Aviation safety in Indonesia: clearing up the fearmongering
So I have a problem. I can’t pull myself away from reading the comments section on any websites. I know they’re a cesspool of bad takes, but somehow that’s not enough for my curiousity to handle.
Yesterday, I went on the internet and I’ve seen the media coverage by “foreign” media, and often the comments + response see the same pattern:
This is why you shouldn’t trust Indonesian airlines.
Or even, this:
When I hear the words ‘Indonesia’ ‘plane’, I always associate it with ‘crash’.
It’s time for me to calm down the fearmongering. I hope I can assure anyone, that despite people’s beliefs, there has never been any better time to fly with an Indonesian airline than now.
A dark history
Yes, if we were still living in the late 90s to early 2000s, it’s true that Indonesia was probably not that safe of a country to fly in. Even by just looking at this list of aviation accidents in Indonesia, you could tell the situation was particularly bad.
One of the incidents that always stood out to me was the Garuda Indonesia 152 crash in 1997. This was by far the deadliest aviation disaster in Indonesia. An Airbus A300 crashed into the mountains of Aceh on bad weather, killing all 234 lives on board.
This was just the beginning of the downwards spiral that continued on until the mid-2000s. Following a series of incidents, including another one in Fukuoka the previous year, and the murder of human rights activist Munir Said Thalib on board Garuda Indonesia 974 in 2004, the airline fell further in reputation and quality. It was really a difficult time for the nation’s flag carrier.
During this time, Indonesia also experienced a boom of budget airlines, making flying accessible to everyone. They were able to drop ticket prices by providing a no-frills experience.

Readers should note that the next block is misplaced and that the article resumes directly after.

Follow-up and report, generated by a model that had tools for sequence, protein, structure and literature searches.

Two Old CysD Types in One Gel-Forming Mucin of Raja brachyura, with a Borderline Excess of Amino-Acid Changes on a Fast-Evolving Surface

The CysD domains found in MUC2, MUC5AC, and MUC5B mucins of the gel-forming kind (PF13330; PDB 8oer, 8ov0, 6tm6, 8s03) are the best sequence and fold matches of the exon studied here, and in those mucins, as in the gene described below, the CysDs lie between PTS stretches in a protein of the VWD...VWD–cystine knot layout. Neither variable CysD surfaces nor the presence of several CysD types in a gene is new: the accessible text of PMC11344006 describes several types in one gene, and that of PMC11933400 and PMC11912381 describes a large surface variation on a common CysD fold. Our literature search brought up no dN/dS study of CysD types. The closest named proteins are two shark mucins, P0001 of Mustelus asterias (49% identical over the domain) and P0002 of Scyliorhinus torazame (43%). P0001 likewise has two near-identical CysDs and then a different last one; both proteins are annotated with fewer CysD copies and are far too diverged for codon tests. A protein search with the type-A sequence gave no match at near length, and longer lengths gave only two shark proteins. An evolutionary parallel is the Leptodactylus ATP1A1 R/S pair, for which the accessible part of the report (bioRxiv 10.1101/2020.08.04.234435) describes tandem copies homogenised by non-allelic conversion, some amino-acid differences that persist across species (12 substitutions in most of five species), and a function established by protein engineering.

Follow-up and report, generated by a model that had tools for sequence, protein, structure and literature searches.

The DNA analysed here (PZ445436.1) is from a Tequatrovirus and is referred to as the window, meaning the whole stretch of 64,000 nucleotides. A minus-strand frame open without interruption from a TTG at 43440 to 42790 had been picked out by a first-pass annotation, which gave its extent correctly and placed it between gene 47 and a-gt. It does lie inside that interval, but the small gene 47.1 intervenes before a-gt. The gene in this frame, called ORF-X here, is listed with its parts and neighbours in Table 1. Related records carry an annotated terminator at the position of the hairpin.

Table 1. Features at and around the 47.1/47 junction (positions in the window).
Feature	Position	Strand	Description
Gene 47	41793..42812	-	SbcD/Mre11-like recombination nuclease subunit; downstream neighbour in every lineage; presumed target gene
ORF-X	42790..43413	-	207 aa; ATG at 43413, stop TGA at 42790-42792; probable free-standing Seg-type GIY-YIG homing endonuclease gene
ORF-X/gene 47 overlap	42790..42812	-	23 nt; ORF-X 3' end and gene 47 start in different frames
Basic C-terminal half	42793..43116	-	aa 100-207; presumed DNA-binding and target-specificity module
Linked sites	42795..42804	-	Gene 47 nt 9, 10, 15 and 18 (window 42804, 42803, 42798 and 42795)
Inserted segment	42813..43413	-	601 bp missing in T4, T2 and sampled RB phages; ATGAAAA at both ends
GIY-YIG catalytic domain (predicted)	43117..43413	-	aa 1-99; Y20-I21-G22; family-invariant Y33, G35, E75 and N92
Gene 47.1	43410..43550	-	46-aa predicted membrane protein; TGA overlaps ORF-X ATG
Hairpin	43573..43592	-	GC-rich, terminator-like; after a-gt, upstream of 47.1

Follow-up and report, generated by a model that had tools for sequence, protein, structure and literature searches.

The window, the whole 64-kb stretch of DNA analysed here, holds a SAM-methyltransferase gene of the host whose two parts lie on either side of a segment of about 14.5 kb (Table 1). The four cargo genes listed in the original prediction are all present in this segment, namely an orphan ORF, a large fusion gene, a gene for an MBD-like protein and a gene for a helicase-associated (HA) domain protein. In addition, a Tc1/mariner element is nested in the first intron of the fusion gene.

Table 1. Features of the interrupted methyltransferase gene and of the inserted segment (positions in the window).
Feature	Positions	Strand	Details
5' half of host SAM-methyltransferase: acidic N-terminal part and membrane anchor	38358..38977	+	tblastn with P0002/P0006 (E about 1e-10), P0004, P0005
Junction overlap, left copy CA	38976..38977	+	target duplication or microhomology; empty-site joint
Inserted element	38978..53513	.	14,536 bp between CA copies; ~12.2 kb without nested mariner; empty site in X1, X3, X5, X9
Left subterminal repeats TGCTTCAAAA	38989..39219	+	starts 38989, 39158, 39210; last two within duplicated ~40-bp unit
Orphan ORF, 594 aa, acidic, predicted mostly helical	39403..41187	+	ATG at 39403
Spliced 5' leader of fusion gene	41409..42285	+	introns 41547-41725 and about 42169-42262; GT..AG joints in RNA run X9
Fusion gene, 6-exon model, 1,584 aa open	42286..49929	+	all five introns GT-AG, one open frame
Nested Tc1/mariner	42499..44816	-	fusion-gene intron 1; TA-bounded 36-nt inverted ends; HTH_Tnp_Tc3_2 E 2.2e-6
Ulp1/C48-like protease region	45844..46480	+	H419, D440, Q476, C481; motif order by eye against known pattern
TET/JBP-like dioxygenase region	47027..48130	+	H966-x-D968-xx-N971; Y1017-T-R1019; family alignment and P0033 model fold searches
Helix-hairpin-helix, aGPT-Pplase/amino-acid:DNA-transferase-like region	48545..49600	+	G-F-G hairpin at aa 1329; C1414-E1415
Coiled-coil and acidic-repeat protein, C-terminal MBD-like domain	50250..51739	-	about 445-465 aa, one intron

However, the Indonesian government had been too late to respond well to the boom. The lack of strong regulations on the aviation industry led to many budget airlines competing for market advantage at the cost of safety.
One of these airlines was Adam Air, and it is well known for its fair share of issues. Pilots and staff has often reported breaches of international safety regulations. These include overworking pilots, improper maintenance procedures, and the insistence to fly planes despite their lack of airworthiness. The planes that Adam Air had were aging, leased Boeing 737 Classic planes that the airline often advertised as “new”.
With the wheels set in motion, experts predicted it wouldn’t be long until Indonesia’s aviation industry reached a breaking point. And then, in 2007, it finally did.
New Year’s day, January 2007. Adam Air flight 574 crashed into the seas near Sulawesi, killing everyone on board. Before the crash, several pilots have complained about malfunctions on some critical instruments. Despite this, the airline forced the plane to keep flying.
A month and a half later, 21 February 2007. Another Adam air flight, Flight 172, suffered a hard landing at Surabaya, bending the entire fuselage. This incident put the airline - and Indonesia’s aviation industry in general - further under scrutiny.